Modern Concert Series Slated
Anahid Ajemian, violinist, and her husband, George Avakian, director of popular albums for Columbia Records, have announced a series of subscription concerts, “Music for Moderns.” They will be presented at Town Hall April 28 and May 12, 19 and 26, 1957.
Miss Ajemian established a reputation in classical music as a foremost champion of new music, most notably performing new works by fellow American-Armenian, Alan Hovhaness, along with her sister, Maro Ajemian, a pianist.
George Avakian had achieved many firsts wearing a myriad of musical hats. He recorded the first jazz album ever made, the Decca Chicago Jazz album of 1939. A year later, at the age of 20 and still a junior at Yale, Avakian was asked by Columbia to identify and reissue classic jazz records from its vast uncatalogued files. He signed Johnny Mathis to Columbia after being persuaded by Helen Noga to hear the young singer. Wearing his opera hat, Avakian was co-producer of the Columbia 3 LP set, Kurt Weill’s Rise and Fall of the City of Mahagony, K3L 243, featuring Lotte Lenya who performed in the premiere production at Baden-Baden in 1927. Doffing his jazz hat he brought Miles Davis and Dave Brubeck to Columbia. Sporting his World Music chapeau he was the first to record Ravi Shankar for Columbia Records.
ELLINGTON SUITE TO BOW APRIL 28
“Such Sweet Thunder” to Be Heard at First of 4 “Music for Moderns” Concerts
“Such Sweet Thunder,” a concert suite composed by Duke Ellington at the request of the Stratford Ontario Shakespeare Festival, will have its world premiere at Town Hall Sunday evening, April 28. The suite will be heard during the first of four concerts of “Music for Moderns.” “Such Sweet Thunder,” based on characters and events in Shakespeare’s plays (the title is from Act IV, Scene 1, of “A Midsummer Night’s Dream”) will be performed by Mr. Ellington and his orchestra.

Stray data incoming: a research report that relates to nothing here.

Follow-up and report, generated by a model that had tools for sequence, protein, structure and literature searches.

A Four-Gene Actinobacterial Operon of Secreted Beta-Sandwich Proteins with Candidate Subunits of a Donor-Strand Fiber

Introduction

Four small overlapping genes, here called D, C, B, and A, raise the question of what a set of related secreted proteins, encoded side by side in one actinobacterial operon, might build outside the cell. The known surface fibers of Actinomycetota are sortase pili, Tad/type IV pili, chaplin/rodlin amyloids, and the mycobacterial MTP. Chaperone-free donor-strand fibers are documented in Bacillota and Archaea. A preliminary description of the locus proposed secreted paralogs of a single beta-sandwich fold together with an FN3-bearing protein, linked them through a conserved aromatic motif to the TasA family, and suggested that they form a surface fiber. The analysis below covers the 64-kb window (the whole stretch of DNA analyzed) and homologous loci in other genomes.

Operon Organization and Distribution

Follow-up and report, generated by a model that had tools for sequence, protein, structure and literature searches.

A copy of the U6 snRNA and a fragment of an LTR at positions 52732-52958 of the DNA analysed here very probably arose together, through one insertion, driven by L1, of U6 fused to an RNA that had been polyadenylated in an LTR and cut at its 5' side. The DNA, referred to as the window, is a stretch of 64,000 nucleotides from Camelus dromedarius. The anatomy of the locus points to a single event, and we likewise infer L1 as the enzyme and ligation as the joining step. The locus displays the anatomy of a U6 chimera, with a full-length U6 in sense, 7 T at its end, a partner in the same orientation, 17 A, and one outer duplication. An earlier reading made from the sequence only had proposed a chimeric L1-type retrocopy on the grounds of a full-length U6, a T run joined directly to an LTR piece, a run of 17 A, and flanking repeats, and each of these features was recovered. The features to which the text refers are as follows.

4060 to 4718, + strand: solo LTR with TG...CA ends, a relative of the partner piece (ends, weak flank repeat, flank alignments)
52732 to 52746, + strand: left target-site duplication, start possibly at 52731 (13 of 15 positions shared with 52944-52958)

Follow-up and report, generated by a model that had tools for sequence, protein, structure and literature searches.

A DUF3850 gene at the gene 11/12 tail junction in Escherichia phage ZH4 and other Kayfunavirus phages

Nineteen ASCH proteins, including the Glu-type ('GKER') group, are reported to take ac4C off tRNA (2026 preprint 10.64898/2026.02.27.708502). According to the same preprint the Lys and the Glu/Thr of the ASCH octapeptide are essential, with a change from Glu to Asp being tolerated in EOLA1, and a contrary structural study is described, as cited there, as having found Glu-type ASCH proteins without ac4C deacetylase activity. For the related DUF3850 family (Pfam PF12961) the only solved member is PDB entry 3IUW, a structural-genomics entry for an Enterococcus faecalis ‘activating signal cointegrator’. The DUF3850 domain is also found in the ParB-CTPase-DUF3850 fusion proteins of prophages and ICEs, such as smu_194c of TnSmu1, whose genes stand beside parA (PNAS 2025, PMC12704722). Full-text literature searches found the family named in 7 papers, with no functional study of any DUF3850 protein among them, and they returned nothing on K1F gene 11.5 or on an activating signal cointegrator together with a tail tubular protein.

On the same program Anahid Ajemian, violinist, will be soloist with the Music for Moderns Orchestra, Dimitri Mitropoulos conducting, in the first public New York performance of Kurt Weill’s “Concerto for Violin and Wind Orchestra.”
The second concert, on May 12, will offer Debussy’s “Sonata for Flute, Viola and Harp” played by John Wummer, flutist, Walter Trampler, violist, and Edward Vito, harpist; selections from Erik Satie’s “Sports et divertissements” played by William Masselos, pianist, with commentary by Virgil Thomson; and music from the forthcoming French film Sait-on jamais, played by the Modern Jazz Quartet.
The May 19 concert will be a joint recital by Mahalia Jackson, gospel singer, and Martial Singher, baritone. The final concert of the series, on May 26, will offer the first performance of Fred Katz’s “Concerto petite,” played by Miss Ajemian and the Chico Hamilton Quintet; the first performance of Alan Hovhaness’ “October Mountain,” played by Carlos Surinach and the Music for Moderns Percussion Ensemble; and Carlos Chavez’s “Toccata for Percussion” and Mr. Surinach’s “Ritmo jondo,” played by the percussion group.”
New York Times, April 15, 1957, page 24
Music: Weill and the Duke
First Concert in New Series of Moderns
By ROSS PARMENTER
“MUSIC FOR MODERNS, a new concert series that plans to mix jazz and contemporary music in its programs, got off to an entertaining start last night at Town Hall. The first of its four programs was called “Twelve-Tone to Ellingtonia.”
Such a title suggested some sort of chronological survey, but what Anahid Ajemian and George Avakian, the sponsors, presented was one twelve-tone piece (Kurt Weill’s Concerto for Violin and Wind Orchestra) and a set of twelve pieces by Duke Ellington, eleven of which were suggested by Shakespeare’s plays.
The Weill Concerto was written in 1924, when the composer, then 24, was a student of Ferrucio Busoni. It was led by Dimitri Mitropoulos, who also studied composition with Busoni. Miss Ajemian was the soloist and the ensemble was the Music for Moderns Chamber Orchestra, which consisted mostly of men from the New York Philharmonic Symphony.
The only previous performance of the concerto in this country was at a private concert at the Metropolitan Museum of Art two years ago. Miss Ajemian was the soloist then, too, which probably helps to account for the authority of her playing. In the first movement she was largely an ensemble player, but in the later movements, when the violin is more important, she made the instrument stand out, and she was as effective in the slightly ironic “Cadenza” as in the melodious “Serenata.”
The concerto had plenty of ideas, even if it seldom went very deep. And at this stage in our musical development the twelve-tone idiom as employed by Weill sounds only modern enough to provide a certain piquancy to the harmonies.